Netherlands: Inside the Basilica of Saint Servaas, Maastricht
The Roman catholic Basilica of Saint Servaas, situated in Maastricht (The Netherlands) at the Vrijthof square, is a mainly Romanesque church dedicated to Saint Servaas. The present-day church is probably the fourth church that was built on the site of the grave of Saint Servatius (c. 310-384), an Armenian missionary who became the first bishop of Maastricht. A small memorial chapel on the saint's grave was replaced by a larger stone church by bishop Monulph in the 6th century. The ever increasing flow of pilgrims made it necessary to build a large pilgrim church in the 9th/10th century. This church was replaced by the present-day Romanesque structure, which was built in several stages over the centuries.
The Bergportaal, a portal in Gothic style, was added to the south side of Sint Servaas Basilica in th...
The 'Bergportaal' on the south side of the Church was built between 1225 and 1250. It is called 'Berg...
St. Servaas (Servatius) is the patron saint of Maastricht. He was the bishop of Tongres (a Belgian ci...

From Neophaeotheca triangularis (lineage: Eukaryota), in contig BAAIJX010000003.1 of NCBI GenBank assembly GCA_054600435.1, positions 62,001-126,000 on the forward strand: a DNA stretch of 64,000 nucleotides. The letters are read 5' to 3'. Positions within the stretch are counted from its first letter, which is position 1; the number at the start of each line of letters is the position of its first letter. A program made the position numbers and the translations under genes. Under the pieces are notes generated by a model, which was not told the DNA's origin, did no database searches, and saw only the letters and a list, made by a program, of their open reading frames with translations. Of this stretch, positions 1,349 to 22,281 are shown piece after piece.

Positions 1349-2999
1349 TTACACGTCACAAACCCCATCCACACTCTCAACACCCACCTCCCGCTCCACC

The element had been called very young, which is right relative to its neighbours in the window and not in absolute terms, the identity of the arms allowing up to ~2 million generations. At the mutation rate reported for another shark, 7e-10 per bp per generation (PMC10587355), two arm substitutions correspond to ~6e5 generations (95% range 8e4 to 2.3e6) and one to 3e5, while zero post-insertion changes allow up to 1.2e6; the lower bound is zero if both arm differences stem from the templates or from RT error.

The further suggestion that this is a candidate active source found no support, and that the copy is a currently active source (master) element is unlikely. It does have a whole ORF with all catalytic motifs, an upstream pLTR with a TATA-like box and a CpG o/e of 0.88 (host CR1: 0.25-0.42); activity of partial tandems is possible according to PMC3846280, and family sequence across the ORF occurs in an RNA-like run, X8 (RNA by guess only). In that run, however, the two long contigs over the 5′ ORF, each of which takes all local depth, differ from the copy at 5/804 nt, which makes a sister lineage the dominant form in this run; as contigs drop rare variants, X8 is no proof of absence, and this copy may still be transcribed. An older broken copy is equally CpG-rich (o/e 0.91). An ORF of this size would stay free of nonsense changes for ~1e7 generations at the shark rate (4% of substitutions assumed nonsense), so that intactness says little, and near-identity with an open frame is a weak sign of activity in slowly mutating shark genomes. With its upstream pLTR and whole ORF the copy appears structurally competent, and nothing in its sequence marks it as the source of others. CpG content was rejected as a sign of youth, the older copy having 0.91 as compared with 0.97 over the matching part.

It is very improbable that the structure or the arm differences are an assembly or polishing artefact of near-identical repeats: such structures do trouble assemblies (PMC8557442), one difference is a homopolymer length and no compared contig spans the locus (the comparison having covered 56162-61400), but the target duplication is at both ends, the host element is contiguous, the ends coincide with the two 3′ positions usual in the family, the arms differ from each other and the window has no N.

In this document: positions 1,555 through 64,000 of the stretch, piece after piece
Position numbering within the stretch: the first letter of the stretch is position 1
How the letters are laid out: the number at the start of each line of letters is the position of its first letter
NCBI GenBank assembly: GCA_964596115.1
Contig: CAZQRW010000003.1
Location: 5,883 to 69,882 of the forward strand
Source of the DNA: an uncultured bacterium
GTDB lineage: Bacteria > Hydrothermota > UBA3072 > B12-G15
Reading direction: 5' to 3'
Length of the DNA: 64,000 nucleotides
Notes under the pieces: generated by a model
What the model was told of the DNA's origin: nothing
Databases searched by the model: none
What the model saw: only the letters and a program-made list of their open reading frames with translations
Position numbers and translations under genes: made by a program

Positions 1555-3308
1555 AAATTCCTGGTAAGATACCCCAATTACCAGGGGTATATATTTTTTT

Maastricht gezien vanaf het noord-oost uitkijk platform van de st.Jan toren aan het Vrijthof.
Europe is generally agreed to be the birthplace of western culture, including such legendary innovations as the democratic nation-state, football and tomato sauce.
The word Europe comes from the Greek goddess Europa, who was kidnapped by Zeus and plunked down on the island of Crete. Europa gradually changed from referring to mainland Greece until it extended finally to include Norway and Russia.
Don't be confused that Europe is called a continent without looking like an island, the way the other continents do. It's okay. The Ural mountains have steadily been there to divide Europe from Asia for the last 250 million years. Russia technically inhabits "Eurasia".
Europe is presently uniting into one political and economic zone with a common currency called the Euro. The European Union originated in 1993 and is now composed of 27 member states. Its headquarters is in Brussels, Belgium.
Do not confuse the EU with the Council of Europe, which has 47 member states and dates to 1949. These two bodies share the same flag, national anthem, and mission of integrating Europe. The headquarters of the Council are located in Strasbourg, France, and it is most famous for its European Court of Human Rights.
In spite of these two bodies, there is still no single Constitution or set of laws applying to all the countries of Europe. Debate rages over the role of the EU in regards to national sovereignty. As of January 2009, the Lisbon Treaty is the closest thing to a European Constitution, yet it has not been approved by all the EU states.
Text by Steve Smith.